The Papacy

Joseph and his Brothers

Many Protestant polemicists insist that the papacy is an invention of the medieval Roman Church. Not only is this claim ridiculous, as the early Church witness has repeatedly confirmed, but it has been shown to be demonstrably false from the New Testament itself. Indeed, Catholics have a firm foundation for the belief in the papacy from New Testament times, and we can claim a very long lineage from the Old Testament as well. Indeed, as early as Genesis itself, there is a foreshadow of the Petrine office.

In Genesis, we learn of Jacob (Israel) and his twelve sons who would later be known as the ancestors of the 12 tribes of Israel. The Church in the New Testament, of course, is the "new Israel" (Cf. Romans 11:26, Gal. 6:16). In the New Testament, we find a veiled parallel to Jacob and his twelve sons in Christ and his twelve Apostles. Instead of a biological lineage, however, we find a lineage of based on God's election. The first similarity between Joseph and Peter, therefore, is that they both belonged to a patriarchal community of twelve men with a "father/teacher" figure.

In the Old Testament, not only was Joseph loved more than the other brothers (Cf. Genesis 37:3), he assumed the position of prime minister in Pharoah's kingdom (Cf. Genesis 41). This represents a very rough parallel to Peter assuming the role of prime minister within the New Testament Church, as it was to Peter alone that the keys to the Kingdom of heaven were conferred (Cf. Isaiah 22:15-25, Matt 16:19). While it is true that Pharoah's kingdom in Egypt can hardly be compared to the Church, Israel and his sons moved there from the land of Canaan (Cf. Genesis 46). This means that Joseph's prime ministerial role extended beyond Egypt to include Israel as well. The second similarity between the Joseph and Peter, therefore, is that both of them played a prime ministerial role within their respective communities.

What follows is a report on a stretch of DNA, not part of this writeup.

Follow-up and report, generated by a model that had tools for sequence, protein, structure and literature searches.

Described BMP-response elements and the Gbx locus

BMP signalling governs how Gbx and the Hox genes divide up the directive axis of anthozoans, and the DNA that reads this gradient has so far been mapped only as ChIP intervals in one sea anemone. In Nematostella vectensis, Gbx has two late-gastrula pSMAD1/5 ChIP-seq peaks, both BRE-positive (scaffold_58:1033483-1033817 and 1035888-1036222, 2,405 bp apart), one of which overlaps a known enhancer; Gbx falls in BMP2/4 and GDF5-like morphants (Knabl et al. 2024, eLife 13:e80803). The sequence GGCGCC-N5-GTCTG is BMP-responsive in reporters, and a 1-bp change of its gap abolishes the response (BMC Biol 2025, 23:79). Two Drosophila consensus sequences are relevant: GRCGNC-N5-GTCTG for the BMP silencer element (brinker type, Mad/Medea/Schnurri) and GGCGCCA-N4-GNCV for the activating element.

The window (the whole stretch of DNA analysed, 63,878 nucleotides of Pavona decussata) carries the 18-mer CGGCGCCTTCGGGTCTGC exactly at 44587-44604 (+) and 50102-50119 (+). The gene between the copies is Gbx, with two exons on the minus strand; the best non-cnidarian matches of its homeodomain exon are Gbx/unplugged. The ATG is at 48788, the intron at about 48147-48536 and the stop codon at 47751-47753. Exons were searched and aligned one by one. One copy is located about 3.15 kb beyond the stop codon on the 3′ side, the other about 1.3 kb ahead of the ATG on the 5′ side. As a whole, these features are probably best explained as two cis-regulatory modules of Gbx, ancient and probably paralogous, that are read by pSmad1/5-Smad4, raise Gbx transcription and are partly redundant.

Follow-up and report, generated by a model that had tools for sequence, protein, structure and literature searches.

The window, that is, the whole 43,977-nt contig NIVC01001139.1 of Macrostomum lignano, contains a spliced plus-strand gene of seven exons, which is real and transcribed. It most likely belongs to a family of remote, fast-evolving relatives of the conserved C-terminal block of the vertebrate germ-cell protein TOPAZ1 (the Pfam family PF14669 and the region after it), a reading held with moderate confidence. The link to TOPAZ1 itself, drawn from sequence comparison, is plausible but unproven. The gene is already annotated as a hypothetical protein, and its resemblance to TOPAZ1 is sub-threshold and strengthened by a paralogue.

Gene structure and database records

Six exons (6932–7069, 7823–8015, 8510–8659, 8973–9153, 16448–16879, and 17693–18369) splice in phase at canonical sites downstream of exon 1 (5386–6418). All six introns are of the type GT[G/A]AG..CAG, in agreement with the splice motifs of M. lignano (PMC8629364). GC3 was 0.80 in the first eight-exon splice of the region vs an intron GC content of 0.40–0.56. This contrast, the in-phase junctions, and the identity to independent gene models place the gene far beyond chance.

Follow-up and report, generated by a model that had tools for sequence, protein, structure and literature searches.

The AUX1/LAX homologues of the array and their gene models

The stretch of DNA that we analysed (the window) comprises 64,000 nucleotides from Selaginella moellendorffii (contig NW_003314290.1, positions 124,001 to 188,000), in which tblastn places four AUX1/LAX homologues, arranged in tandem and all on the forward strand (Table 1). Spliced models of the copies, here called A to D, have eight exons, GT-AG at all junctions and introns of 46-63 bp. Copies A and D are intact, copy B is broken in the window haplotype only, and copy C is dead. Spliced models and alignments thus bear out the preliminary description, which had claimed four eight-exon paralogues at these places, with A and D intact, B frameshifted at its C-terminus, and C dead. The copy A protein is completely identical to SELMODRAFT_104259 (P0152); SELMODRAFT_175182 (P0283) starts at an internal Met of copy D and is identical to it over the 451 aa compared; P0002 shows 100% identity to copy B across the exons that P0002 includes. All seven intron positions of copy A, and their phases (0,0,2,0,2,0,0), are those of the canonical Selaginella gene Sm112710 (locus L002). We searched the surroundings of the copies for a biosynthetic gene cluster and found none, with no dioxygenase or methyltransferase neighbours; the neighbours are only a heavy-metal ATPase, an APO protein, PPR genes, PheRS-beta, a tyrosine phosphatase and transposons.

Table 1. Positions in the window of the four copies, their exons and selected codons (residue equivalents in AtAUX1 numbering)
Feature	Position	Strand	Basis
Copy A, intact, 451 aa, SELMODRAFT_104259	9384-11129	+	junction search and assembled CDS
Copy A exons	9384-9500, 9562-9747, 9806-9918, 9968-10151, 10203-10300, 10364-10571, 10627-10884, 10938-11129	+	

In Genesis's description of the twelve sons of Jacob, Jacob's description of Joseph is indeed noteworthy:

Joseph is a fruitful bough, even a fruitful bough by a well; whose branches run over the wall: The archers have sorely grieved him, and shot at him, and hated him: But his bow abode in strength, and the arms of his hands were made strong by the hands of the mighty God of Jacob; (from thence is the shepherd, the stone of Israel) Even by the God of thy father, who shall help thee; and by the Almighty, who shall bless thee with blessings of heaven above, blessings of the deep that lieth under, blessings of the breasts, and of the womb: The blessings of thy father have prevailed above the blessings of my progenitors unto the utmost bound of the everlasting hills: they shall be on the head of Joseph, and on the crown of the head of him that was separate from his brethren. (Genesis 49:22-26)

Now, compare the above passage to the Petrine passage in Matthew:

Jesus replied, "Blessed are you, Simon son of Jonah, for this was not revealed to you by man, but by my Father in heaven. And I tell you that you are Peter, and on this rock I will build my church, and the gates of Hades will not overcome it. I will give you the keys of the kingdom of heaven; whatever you bind on earth will be bound in heaven, and whatever you loose on earth will be loosed in heaven." (Matthew 16:17-19)

Both passages are set within the midst of a conflict in which both Joseph and Peter are assured of eventual victory by God over the forces of evil. In both passages, there are a number of similarities. First, divine assistance and blessings are conferred on both Peter and Joseph primarily and exclusively without explicit regard for the other brothers. Second, Joseph is described as receiving a "crown" on his head and being "separate" from his brethren. This is the same picture that is painted of Peter in the New Testament (Cf. John 21:15-18, Luke 22:31). It is Peter alone who receives the keys to the kingdom and therefore assumes a "princely role" within the Church. This makes him "separate from his brethren" as well. Third, in the New Testament, Peter is shown to be the chief shepherd (Cf. John 21:15-18) and rock (Cf. John 1:42, Matt 16:18). In the Genesis account above, Joseph is also mentioned as being associated with God, the ultimate shepherd and rock. Since it is God who is supporting Joseph and making his hands "strong", the underlying message is that Joseph assumes the properties of his source. In other words, Joseph is a type of stone or rock. As Peter is supported by God who is the ultimate "rock and shepherd", Joseph is as well.

John Pacheco
The Catholic Legate
December 12, 2006